China's media warn differences with US remain
The warm reception given to Chinese President Hu Jintao in Washington was praised by commentators in his own country, with some predicting that Sino-US relations were entering a "slightly more stable" phase.
However, most writers warned that differences between the two great powers could not be ignored, and that Washington would continue to exert pressure on Beijing on issues of concern to the US.
Commentators in mainland Chinese media and in Hong Kong papers said that economic strength would eventually decide whether China could rival the US as an equal.
Gao Zugui on China Central Television
After this meeting, one can expect Sino-US relations to enter a slightly more stable period than in the past year. Having experienced friction and collisions over the past year, the understanding between China and the US regarding concern for mutual interests - especially their understanding of core interests - may have deepened.
Zhu Feng on China Central Television
The high standard of treatment given to President Hu's visit to the US has of course shown the high degree of importance that the Obama administration has attached to further developing and stabilizing Sino-US relations. However, I also believe that this is now an important strategic measure in the White House's so-called China policy. It will give China enough respect, but on the other hand, continue to exert pressure on China on issues of concern to the US.
Zhou Zaixun in Beijing's Zhongguo Jingji Shibao
The differences between China and the US cannot be ignored... (President Barack) Obama may continue to maintain a positive and cooperative attitude towards Sino-US relations, but the domestic political situation is bound to force him to make many contradictory decisions... With the constant rise of China's international status, China and the US will be in a state of both competition and cooperation.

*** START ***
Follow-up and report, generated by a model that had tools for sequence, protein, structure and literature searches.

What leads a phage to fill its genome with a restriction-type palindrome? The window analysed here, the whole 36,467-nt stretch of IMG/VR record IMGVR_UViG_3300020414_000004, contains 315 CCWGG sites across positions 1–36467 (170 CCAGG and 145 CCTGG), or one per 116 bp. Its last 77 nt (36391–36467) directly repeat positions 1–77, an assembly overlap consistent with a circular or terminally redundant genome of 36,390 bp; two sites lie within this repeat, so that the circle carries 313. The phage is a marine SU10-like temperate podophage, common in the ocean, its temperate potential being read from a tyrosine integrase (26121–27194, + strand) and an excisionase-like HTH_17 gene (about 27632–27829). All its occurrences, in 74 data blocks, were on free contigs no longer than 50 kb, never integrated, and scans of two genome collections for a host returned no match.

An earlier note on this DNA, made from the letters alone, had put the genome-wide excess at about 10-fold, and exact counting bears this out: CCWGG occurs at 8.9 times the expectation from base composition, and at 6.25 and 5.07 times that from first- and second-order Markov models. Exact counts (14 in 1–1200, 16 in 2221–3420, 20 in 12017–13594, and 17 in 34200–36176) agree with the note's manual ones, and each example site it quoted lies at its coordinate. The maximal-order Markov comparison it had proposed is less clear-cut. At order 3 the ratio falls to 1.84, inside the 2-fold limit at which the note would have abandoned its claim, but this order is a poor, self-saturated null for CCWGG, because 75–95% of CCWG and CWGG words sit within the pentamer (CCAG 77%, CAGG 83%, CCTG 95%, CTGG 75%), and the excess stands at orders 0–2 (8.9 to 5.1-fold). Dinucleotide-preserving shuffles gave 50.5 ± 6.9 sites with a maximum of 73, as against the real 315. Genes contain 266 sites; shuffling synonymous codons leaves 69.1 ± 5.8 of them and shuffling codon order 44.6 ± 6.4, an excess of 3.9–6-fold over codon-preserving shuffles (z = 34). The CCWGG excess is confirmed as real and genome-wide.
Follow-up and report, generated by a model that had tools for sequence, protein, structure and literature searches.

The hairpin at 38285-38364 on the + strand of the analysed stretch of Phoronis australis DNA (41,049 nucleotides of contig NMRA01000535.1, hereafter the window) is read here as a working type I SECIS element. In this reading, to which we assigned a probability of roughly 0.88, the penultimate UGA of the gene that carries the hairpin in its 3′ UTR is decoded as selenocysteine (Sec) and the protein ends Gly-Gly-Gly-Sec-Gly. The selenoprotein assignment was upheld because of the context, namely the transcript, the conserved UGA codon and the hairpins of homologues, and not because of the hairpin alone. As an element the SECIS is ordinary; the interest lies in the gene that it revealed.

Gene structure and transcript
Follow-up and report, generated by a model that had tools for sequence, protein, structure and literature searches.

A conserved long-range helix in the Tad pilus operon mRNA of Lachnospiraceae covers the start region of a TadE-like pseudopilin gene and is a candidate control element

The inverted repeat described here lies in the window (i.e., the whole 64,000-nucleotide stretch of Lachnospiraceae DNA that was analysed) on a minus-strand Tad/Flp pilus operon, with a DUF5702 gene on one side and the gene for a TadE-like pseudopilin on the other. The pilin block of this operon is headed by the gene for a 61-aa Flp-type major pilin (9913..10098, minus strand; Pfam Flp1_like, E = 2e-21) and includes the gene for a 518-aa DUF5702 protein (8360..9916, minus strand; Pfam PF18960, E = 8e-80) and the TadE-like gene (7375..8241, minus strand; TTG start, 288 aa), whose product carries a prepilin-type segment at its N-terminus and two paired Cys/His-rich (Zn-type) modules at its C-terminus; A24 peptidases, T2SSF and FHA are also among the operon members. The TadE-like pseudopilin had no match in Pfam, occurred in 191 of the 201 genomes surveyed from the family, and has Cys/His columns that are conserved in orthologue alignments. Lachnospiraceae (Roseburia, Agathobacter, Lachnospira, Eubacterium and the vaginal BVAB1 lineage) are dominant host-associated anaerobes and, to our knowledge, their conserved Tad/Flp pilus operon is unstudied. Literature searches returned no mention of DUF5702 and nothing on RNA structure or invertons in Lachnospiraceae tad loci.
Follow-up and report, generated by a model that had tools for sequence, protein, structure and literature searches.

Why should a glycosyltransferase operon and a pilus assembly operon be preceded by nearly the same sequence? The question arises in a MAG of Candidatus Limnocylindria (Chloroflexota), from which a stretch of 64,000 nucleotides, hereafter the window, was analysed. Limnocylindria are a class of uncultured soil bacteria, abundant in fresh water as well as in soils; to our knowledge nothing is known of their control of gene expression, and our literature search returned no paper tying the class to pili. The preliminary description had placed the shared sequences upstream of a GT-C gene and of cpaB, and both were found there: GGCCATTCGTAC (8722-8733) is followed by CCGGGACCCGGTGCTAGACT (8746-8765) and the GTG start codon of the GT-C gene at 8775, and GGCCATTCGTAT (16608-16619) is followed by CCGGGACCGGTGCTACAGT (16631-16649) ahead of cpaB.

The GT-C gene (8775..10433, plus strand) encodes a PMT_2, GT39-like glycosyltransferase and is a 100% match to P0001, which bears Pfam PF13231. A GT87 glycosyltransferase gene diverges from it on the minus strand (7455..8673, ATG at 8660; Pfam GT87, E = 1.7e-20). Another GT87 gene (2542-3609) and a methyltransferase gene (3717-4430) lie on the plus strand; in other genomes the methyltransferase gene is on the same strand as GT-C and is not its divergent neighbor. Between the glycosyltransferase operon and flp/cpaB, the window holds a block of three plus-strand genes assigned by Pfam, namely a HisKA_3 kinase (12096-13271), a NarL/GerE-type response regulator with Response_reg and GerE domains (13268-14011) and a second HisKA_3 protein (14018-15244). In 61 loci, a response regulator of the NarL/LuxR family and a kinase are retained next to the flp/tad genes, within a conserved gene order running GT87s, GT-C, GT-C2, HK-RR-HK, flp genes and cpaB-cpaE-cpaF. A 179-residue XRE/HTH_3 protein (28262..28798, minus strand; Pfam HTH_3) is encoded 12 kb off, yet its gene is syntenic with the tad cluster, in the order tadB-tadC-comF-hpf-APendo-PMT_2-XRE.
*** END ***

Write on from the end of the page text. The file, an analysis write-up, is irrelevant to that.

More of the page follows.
Zhang Guoqing in Shanghai's Xinmin Zhoukan
One cannot expect too much of the "Hu-Obama meeting"... From a strategic perspective, what the US is seeking is to maintain its position of absolute superiority, which means that it has always been wary of China, Russia and other countries that are likely to catch up with it.
Zhao Kejin in Shanghai's Dongfang Zaobao
The complexity of Sino-US relations has determined that there will also be trouble in 2011... Specifically, there are three main areas: First, the Taiwan issue... Human rights issues... Intellectual property rights... But this will not cause a Sino-US conflict... The development of Sino-US relations is already caught up in a complex global network, and the negative consequences of structural contradictions in Sino-US relations should not be over-exaggerated.
Editorial in Beijing's Global Times
China's political influence is beginning to match its economic clout. Observing a deeply indebted federal government that desperately wants to cut its deficit, some US intellectuals are realizing the crux of the problem.
You Zhixin in Beijing's Guoji Xianqu Daobao
With the expected depreciation of the US dollar, the risk of devaluation facing China's foreign reserves is as huge as ever... But if we carefully discern the recent news of [China's increased holdings of] South Korean government bonds, European government bonds and US real estate, it is not difficult to see that China's foreign reserves have already shown a trend of no longer "sticking to US debt".
Zhang Monan in Beijing's China Daily
Although China may increase the holdings [of US Treasury bonds] from time to time in accordance with the market situation, in the long term there is a tendency that the country will further diversify its foreign exchange portfolio.
Hong Kong press
Editorial in Hong Kong Economic Journal
President Hu's VIP reception certainly does not mean that the conflicts between China and the US have been "swept away"... China's economic strength is the key to whether it can ultimately rival the US as an equal.
Lin Sin-chee in Hong Kong's Ming Pao
I have reason to believe that the Chinese government is rapidly adjusting its investment of foreign exchange reserves. The day before President Hu Jintao left Beijing, the "International Herald Leader" under the official Xinhua News Agency issued an article entitled "China's huge foreign reserves will no longer stick to US debt".
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